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Don’t be discouraged, says Elinor Ostrom

Posted on the February 26th, 2010

In 2009, Elinor Ostrom became the first woman ever to win a Nobel Prize in Economics. Ostrom received the great honor because she took a master scientist’s interest in situations such as this one:

…consider the management of grasslands in the interior of Asia. Scientists have studied satellite images of Mongolia and neighboring areas in China and Russia, where livestock has been feeding on large grassland areas for centuries. Historically, the region was dominated by nomads, who moved their herds on a seasonal basis.

In Mongolia, these traditions were largely intact in the mid-1990s, while neighboring areas in China and Russia – with closely similar initial conditions – had been exposed to radically different governance regimes. There, central government imposed state-owned agricultural collectives, where most users settled permanently. As a result, the land was heavily degraded in both China and Russia.

And this one:

. ..user-management of local resources has been more successful than management by outsiders. A striking case is that of irrigation systems in Nepal, where locally managed irrigation systems have successfully allocated water between users for a long time. However, the dams – built from stone, mud and trees – have often been primitive and small.

In several places, the Nepalese government, with assistance from foreign donors, has therefore built modern dams of concrete and steel. Despite flawless engineering, many of these projects have ended in failure.

These two examples are from the Nobel Foundation’s press release describing the unique value of Ostrom’s life work. Over several decades, the economist gathered information that illuminated the complexities and successes of problem solving related to shared resources, according to the release.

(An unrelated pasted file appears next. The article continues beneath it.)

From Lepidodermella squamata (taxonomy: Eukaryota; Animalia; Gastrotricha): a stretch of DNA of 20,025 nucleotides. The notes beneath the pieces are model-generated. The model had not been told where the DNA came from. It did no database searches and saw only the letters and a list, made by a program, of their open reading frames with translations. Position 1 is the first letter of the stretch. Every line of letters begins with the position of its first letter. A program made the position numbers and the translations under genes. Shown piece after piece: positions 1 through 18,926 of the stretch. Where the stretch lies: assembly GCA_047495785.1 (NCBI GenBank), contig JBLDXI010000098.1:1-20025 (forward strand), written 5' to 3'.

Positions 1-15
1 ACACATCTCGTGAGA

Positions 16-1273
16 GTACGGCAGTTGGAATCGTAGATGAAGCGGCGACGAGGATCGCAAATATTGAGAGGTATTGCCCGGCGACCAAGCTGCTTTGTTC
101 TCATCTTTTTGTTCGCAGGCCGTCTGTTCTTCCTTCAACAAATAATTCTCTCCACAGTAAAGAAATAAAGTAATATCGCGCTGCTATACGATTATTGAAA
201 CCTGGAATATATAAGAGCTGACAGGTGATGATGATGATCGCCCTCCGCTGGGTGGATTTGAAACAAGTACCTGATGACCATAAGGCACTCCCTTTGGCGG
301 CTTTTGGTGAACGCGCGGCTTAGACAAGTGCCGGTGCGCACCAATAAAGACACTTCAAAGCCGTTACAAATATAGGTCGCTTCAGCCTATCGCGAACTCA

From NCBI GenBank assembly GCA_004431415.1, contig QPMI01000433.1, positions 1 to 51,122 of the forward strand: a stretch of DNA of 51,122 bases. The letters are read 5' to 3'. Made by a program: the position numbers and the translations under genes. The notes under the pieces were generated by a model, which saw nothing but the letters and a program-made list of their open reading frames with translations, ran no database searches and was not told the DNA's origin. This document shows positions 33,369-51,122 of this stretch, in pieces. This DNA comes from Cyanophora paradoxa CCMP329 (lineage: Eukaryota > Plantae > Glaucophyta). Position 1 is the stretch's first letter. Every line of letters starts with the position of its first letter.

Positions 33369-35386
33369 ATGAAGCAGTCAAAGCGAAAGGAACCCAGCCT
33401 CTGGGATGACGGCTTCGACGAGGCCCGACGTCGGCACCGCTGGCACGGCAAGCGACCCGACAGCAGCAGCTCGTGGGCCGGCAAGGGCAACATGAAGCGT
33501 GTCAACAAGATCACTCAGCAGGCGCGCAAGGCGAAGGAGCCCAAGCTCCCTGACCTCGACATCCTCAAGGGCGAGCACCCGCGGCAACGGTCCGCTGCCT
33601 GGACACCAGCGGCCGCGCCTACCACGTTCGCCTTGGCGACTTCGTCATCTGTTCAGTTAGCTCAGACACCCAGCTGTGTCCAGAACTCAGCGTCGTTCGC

In particular, Ostrom challenged the conventional wisdom that the only solution to public problems is either to turn them over to the state to manage or hand them off to privatization. There’s a third way that often can trump both of these, according to Ostrom — let the users themselves create and run their own systems at a local level.

What’s more, the Nobel release noted, Ostrom’s work also has shown that there is a much greater willingness of individuals to participate in their own shared systems — for little or minor reward — than is commonly believed.

This month in the online edition of The Solutions Journal, Ostrom brings this same perspective to the problem of global warming. In the aftermath of the disappointment of Copenhagen 2009, the economist says it is important to recognize that climate change problems can be solved in other ways:

Acknowledging the complexity of global warming, as well as the relatively recent agreement among scientists about the human causes of climate change, leads to the recognition that waiting for effective policies to be established at the global level is unreasonable.

Instead, it would be better to self-consciously adopt a multi-scale approach to the problem of climate change, starting at the local level. This approach serves to maximize the benefits at varying levels and encourages experimentation and learning from diverse policies…

Read the full article here.

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